Ibuprofen (general soreness, swelling), H2 antagonists (eg pepsid), aloe, hydrocortisone, benadryl, phenylephrine (stuffy nose). I have allergies (and you never know when a guest will start sneezing at something) so I keep some generic claratin (loratadine). Some dextromethorphan ('tussin) syrup or pills for when you have a cough. Tylenol (acetaminophen) for headaches (tends to work a bit better that ibuprofen).

Soreness, heartburn, headaches, burns, allergies, colds, and coughs covers it for me mostly, and there you've got something for everything. I used to have ipecac for poisoning, but it's been shown to be ineffective/harmful. Multivitamins are nice, but I don't know if you'd keep that in there. Living northerly, I like to take a D supplement in the winter.
posted by a robot made out of meat at 1:39 PM on May 19, 2008

Best answer: I'm a big believer in non-latex sterile gloves. You never know when you'll end up having to patch up a friend or neighborhood kid and gloves are a must have when blood is getting everywhere from a cut knee or finger.

I also love medical super glue for small cuts. Plus a wrap for sprains. And Epsom salts (great for soaking infected cuts, much better than anti-biotic cream IMO). And Tiger Balm.
posted by ChrisHartley at 1:51 PM on May 19, 2008

Why not buy most of it as you need it? You have bandaids. You need some tylenol or aspirin, maybe tweezers for splinters. Unless you live in a remote place, you can get to a store to get other stuff as needed. Bask in your good health.
posted by theora55 at 2:07 PM on May 19, 2008

I'm a big believer in keeping a PPI drug (OTC Prilosec) in the medicine cabinet for those three am searing bouts of reflux that seem to happen a couple times a year after a big social event or dinner.

And dental floss. It's uses are innnumerable.
posted by docpops at 2:45 PM on May 19, 2008

Best answer: "Real" Sudafed, if it works well for you. It can be a pain to find and purchase when you're sick with the new rules.
posted by needs more cowbell at 3:30 PM on May 19, 2008

rubbing alcohol
band-aids, sterile gauze, tape
antiseptic ointment

optional depending on lifestyle...
(cough stuff)
(aloe gel)
(bug-bite cream)
(bug repellant)
(styptic pencil if you shave with a razor)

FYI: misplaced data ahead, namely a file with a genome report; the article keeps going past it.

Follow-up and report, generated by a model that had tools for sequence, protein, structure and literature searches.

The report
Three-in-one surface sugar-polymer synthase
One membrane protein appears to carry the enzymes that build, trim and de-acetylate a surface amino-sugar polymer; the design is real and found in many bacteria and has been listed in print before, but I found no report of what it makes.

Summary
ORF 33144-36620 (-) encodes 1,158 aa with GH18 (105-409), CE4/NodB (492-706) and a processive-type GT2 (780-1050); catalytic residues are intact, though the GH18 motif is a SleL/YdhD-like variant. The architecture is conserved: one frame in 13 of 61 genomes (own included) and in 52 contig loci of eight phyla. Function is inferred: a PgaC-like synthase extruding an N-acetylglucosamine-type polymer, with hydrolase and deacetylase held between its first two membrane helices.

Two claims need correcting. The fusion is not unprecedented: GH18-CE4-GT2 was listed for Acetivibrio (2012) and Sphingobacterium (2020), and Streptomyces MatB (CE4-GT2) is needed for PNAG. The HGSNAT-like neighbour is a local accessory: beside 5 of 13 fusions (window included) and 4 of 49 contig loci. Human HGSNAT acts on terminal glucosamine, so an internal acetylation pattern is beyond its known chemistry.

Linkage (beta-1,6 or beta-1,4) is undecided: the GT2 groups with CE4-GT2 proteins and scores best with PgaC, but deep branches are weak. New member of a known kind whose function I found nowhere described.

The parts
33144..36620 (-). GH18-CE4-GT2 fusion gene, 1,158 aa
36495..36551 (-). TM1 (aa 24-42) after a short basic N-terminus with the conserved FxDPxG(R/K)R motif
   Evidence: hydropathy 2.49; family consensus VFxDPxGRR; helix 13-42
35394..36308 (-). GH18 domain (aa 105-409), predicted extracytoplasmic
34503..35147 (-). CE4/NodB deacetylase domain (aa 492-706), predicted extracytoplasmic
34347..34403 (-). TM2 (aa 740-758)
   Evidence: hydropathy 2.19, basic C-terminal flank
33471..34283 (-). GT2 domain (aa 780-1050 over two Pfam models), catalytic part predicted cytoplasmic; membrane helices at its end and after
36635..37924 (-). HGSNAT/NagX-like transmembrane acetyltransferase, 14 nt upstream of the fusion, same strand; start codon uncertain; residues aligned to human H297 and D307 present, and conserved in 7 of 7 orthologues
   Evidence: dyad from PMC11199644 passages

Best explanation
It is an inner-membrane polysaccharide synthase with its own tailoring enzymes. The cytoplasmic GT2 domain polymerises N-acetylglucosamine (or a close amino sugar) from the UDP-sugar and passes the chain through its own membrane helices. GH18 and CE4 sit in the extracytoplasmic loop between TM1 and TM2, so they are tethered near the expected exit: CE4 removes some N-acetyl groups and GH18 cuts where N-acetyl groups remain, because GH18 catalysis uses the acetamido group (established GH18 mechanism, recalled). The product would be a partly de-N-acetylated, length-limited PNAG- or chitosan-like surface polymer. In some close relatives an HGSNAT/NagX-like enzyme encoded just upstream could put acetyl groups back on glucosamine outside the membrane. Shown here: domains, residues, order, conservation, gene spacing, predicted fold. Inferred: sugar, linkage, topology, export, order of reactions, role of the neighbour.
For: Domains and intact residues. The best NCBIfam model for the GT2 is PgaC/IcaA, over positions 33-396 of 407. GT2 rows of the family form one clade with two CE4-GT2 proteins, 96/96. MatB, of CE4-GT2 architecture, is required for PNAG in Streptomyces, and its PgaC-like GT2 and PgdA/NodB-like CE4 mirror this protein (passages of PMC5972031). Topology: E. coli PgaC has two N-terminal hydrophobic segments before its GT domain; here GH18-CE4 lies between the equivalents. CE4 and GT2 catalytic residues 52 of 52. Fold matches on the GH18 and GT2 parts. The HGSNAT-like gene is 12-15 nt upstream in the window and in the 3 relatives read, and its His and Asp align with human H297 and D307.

(plain saline eye drops)
posted by LobsterMitten at 4:06 PM on May 19, 2008

Response by poster: Quick followup on a few comments:

The Red Cross Disaster Preparedness list is the first thing I clicked on when I googled, but that's a little more, um, disaster-oriented than I'm looking for here. The everyday stuff is really what I'm trying to figure out, and y'all are being hugely helpful so far, so thanks.

I love the idea of thinking in terms of what you wouldn't want to have to go out in the middle of the night to get. That helps immensely right there.

As for the location of this medicine cabinet, it's actually a shelf in the linen closet. Cool and dry. So no worries there.
posted by somanyamys at 4:06 PM on May 19, 2008

On the "no trips out in the middle of the night" principle, you might want some Tiger Balm or similar. It's not really what you'd call medicinal, but a sore muscle will keep you awake just as badly as an upset stomach, and it does help with those.
posted by nebulawindphone at 4:52 PM on May 19, 2008

I may be a girl just out of college or something, but I feel like you might be able to be the ultimate host someday if you pick up an extra pee-stick pregnancy test and (to really go above and beyond) some plan B. You never know.
posted by crinklebat at 7:36 PM on May 19, 2008 [1 favorite]

my fiance got a prescription for an epipen to keep around the house. it's true that it will probably expire before it's used, but you never know.
posted by brevator at 6:02 AM on May 20, 2008

Dr. Oz's Medicine Cabinet (Esquire, May 2008)
posted by kidsleepy at 7:35 AM on May 20, 2008

You don't need to throw things out once they're past their expiration date.
posted by andythebean at 8:21 AM on May 20, 2008

Please be cautious with Sudafed if you haven't taken it before. It gave me a heart arrhythmia.

I like Desitin (or other diaper creams) because if I have a rash, say from my bra rubbing me wrong, it usually clears up the irritation overnight.

Using a bulb syringe to squirt water in your ears is far safer than using Q-tips, as long as you don't have tubes in your ears or a hole in your eardrum.

If you are not the sort of person who keeps kleenex in your house (I know people like this), you might have a small pack in case of nosebleeds. It beats paper towels or TP.

If anyone has allergies to anything other than mold/pollen in your house, an epipen and some Benadryl would be a very, very good idea to keep on hand. The Benadryl is a good idea anyways... you never can tell when you'll develop an allergy. My mom became allergic to sulfa drugs after years of having taken them, and at the end of her 10-day course. She started breaking out in hives and took 2 Benadryl, buying us more time to get her to the hospital where her throat and tongue started to swell.

Artificial tears are nice when your eyes dry out and get sore, and they're gentler than regular Visine.

Get some good sore throat drops (I love Zetts, found at my local CVS) or Chloraseptic spray. If you get a really sore throat you'll be so glad you have them.
posted by IndigoRain at 2:42 AM on May 21, 2008

Response by poster: Thanks, all, for the great answers. Some of this stuff, like epsom salts and tiger balm, never would have occurred to me. I've managed to narrow it down to a respectably sized list of "things we wouldn't want to have to go out in the middle of the night to get" + "things we'll use a lot." Results below.

burn gel
sterile pads
ace bandage
hydrogen peroxide
tweezerman tweezers


hydrocortisone cream
tea tree oil

excedrin migraine
epsom salts
tiger balm
thermacare wraps

cough drops
breathe right strips

artficial tears
auro dri
posted by somanyamys at 9:22 AM on May 21, 2008 [3 favorites]